The pairing of Brownlee and van den Heever proved felicitous. Both artists have demonstrated vocal prowess and dramatic instinct in a range of operatic roles.

Morris Robinson’s Daland
The role of the Norwegian ship captain Daland was performed by Georgia bass Morris Robinson. Finding the ship “Flying Dutchman” moored next to his own vessel, the aquisitive Daland meets the Dutchman, who offers him incomparable riches for his daughter’s hand in marriage (a bargain Daland has no problem accepting).

Robinson’s sonorous bass voice and imposing stage presence made for a memorable Daland.

Chad Shelton’s Erik
Texas tenor Chad Shelton was an ardent Erik. Shelton delivered Erik’s heartfelt aria Willst jenes tag’s du nicht stylishly. His character is in despair because of the sudden, strange behavior of Senta, whom Erik has loved since childhood and assumed would become his bride.

Shelton, an alumnus of the Houston Grand Opera Studio, took part in two HGO world premieres that I reviewed of operas by Carlisle Floyd [World Premiere Review: A Triumphant “Prince of Players” for Composer Carlisle Floyd, Baritone Ben Edquist – Houston Grand Opera, March 5, 2016] and Tarik O’Regan.

In addition, I have praised his performances in standard repertory roles as unalike as Pollione [Review: Beautifully Sung “Norma” at HGO Resilience Theater – Houston Grand Opera, April 29, 2018] and Mao-Tse Tung.

Bille Bruley’s Steerman and Gretchen Krupp’s Mary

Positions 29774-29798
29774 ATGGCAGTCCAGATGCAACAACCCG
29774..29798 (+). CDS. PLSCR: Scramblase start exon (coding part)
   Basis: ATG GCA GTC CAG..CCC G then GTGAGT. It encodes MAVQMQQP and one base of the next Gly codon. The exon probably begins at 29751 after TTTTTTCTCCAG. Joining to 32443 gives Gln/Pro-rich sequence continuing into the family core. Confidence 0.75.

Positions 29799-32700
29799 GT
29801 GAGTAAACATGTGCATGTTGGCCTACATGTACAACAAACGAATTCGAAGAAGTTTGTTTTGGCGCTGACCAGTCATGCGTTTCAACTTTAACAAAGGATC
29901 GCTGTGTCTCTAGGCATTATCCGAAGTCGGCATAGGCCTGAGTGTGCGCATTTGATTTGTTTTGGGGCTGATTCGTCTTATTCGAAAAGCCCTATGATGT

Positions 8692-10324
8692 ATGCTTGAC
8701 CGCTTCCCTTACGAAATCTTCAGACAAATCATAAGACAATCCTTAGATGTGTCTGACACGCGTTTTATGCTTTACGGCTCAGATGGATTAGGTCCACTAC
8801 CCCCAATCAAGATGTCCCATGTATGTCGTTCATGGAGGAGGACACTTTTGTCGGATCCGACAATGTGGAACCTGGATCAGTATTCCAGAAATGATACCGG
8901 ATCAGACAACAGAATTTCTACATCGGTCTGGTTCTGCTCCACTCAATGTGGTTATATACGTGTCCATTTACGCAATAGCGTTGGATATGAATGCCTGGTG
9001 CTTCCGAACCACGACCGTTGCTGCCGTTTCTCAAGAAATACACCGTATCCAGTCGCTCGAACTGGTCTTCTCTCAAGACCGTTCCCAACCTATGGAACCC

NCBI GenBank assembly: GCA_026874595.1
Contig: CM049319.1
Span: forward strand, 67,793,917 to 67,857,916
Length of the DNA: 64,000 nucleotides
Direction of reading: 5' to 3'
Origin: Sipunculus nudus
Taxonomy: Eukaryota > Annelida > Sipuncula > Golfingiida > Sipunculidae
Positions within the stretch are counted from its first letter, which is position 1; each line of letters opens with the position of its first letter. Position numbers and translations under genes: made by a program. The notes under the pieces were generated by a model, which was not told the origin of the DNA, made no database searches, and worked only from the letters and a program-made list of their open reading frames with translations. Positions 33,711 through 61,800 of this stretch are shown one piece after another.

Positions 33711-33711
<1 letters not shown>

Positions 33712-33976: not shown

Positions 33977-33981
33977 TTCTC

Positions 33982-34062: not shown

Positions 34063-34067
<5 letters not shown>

Texas tenor Bille Bruley was a bright-voiced Steersman, performing the dreamy ballad Mit Gewitter und Sturm with distinction. In Alden’s production the Steersman is a physically demanding role, who is onstage much of the evening.

Bruley was a Santa Fe Apprentice singer during th 2018 and 2019 seasons. As an Apprentice, he created of the role of Benjamin in a 2019 Poul Ruders’ world premiere.

The role of Mary was entrusted to Virginia soprano Gretchen Krupp. Mary supervises the spinning chorus of the busy women employees of Daland’s household. Quick to judge Senta’s behavior, it is her criticisms that lead van den Heever’s Senta to sing her soulful ballad, Traft ihr das Shiff.

The role of Mary in traditional productions is centered between the Wagner’s vivid music accompanying the humming of spinning wheels and the visual image of a chorus of women operating them. No audience should have trouble appreciating what “traditional” Mary is about. In Alden’s staging, Krupp’s Mary is an industrial manager bossing around yellow-coated women. Krupp does what she is asked to do, even if it might confuse the audience.

Maestro Thomas Guggeis and the Santa Fe Opera Orchestra